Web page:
Mayor of Rikuzentakata Balances Bitterness and Hope


Today I attended a lunch with the mayor of Rikuzentakata, Futoshi Toba. His town was almost completely destroyed in the 3/11 disaster. In the almost two years that have followed, he has gained a reputation as a fierce fighter for rebuilding efforts, often butting heads with the national government about how things are being done–or more commonly, not being done.

The town lost more than 2300 people that day, about 10 percent of the total population, and some 200 of those have never even been found. Mr. Toba’s wife was among the dead, although his two sons survived.

Much of Mr. Toba’s talk was about his frustration with the slow pace of reconstruction and the difficulty of dealing with the national and prefectural governments. The Reconstruction Agency, designed to streamline communications between local and nation governments and serve as an advocate on behalf of damaged communities in dealings with other agencies, came in for particular scorn. Rather than becoming the one-stop organization they need, he said, it has become just an additional agency they have to report to, actually increasing their workload.

All of this was distressing, but hardly surprising to anyone that follows news coming out of Tohoku. What struck me most about Mr. Toda’s speech were his words on public service and the high price that it sometimes entails.

As I mentioned, his wife was among those killed on March 11th, but in the immediate aftermath, she was just missing. Mr. Toda wanted, like so many in his community, to be out searching for his loved one, but with almost a third of city workers also dead or missing, his duties as mayor kept him too busy. For weeks, he barely left the city hall, sleeping in a cot next to his desk, daily adding to lists of those confirmed dead posted for the public, and all the while not knowing what had become of his own wife. When he finally got the call almost a month later that a body had been found that might be Kumi, even then, it took him some hours to get away from work to go identify her body.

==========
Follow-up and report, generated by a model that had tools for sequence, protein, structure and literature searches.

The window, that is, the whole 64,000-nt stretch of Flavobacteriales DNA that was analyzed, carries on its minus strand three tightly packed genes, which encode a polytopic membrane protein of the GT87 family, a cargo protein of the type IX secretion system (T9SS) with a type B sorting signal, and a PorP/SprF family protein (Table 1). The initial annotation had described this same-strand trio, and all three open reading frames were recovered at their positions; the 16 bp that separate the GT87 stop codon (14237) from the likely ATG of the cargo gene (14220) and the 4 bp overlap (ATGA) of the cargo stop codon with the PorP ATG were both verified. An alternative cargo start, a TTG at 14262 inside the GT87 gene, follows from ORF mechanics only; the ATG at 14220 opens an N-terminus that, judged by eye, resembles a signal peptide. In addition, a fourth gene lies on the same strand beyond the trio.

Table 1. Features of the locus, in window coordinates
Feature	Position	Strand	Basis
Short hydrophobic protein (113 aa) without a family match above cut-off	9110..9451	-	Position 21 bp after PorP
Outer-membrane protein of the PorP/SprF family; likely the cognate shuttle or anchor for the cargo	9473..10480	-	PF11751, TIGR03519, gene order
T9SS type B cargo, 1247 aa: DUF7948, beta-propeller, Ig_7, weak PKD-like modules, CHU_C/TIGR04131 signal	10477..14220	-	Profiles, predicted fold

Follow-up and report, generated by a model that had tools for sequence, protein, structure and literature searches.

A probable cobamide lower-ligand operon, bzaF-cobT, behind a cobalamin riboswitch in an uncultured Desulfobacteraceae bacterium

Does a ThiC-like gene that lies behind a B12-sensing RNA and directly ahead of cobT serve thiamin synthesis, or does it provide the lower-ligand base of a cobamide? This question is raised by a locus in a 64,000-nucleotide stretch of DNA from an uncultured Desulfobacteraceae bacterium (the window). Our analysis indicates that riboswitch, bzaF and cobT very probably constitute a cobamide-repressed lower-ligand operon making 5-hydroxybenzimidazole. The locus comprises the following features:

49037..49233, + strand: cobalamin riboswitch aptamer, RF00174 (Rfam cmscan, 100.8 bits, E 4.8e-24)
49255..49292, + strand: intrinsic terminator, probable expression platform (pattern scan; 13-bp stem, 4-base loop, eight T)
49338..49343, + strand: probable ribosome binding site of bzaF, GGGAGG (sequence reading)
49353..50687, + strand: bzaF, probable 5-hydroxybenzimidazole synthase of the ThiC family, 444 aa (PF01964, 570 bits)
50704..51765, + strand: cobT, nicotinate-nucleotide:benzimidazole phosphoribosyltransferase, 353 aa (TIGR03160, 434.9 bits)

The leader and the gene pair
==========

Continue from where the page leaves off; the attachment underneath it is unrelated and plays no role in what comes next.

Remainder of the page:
He said, “As a human being and as a husband, I wanted to be out looking for her, but as mayor, people were depending on me.” In an earlier interview with the Wall Street Journal, he said, “When I think about that, it really makes me question what kind of human being I am.”

In a situation like that, there is no right choice.

Given how much he has sacrificed, not just in time and energy, but even in his sense of himself as a moral being, is it any wonder that he gets furiously angry with bureaucrats and politicians in Tokyo dragging their feet or letting things get tangled up in red tape?

Yet despite his struggles, Mr. Toda hasn’t entirely given up hope. He also discussed his hope that Rikuzentakata could be rebuilt as an example of barrier-free public planning for the rest of Japan. He said he hoped that the effort to make new businesses and public places hospitable to everyone would make the town as a whole welcoming to anyone.

Given how much damage there was and the various challenges involved with moving large parts of the town to higher ground when a great deal of the real estate in question is in legal limbo, it’s hard to know whether to regard this optimism as admirable or misguided. It will take huge sums of money, without much hope of a sustainable and prosperous community being built in such a poorly connected rural area. Meanwhile the country is trying to deal with record debt and deflation.

In the end, my admiration for him aside, I came to see Mr. Toda as a very tragic figure. Not just because of the losses he has suffered and the struggles he is going through, but because I suspect the conflict between his humanity and his public service will continue to grind him down. Mr. Toda says his two goals for the future are to rebuild Rikuzentakata and to raise his sons well. So what will he do if those goals become mutually exclusive?

Of course, this is only speculation on my part, and perhaps this year, as the construction projects begin to see concrete results, things will not seem so grim. In any case, I wish Mr. Toda and his community all the best.


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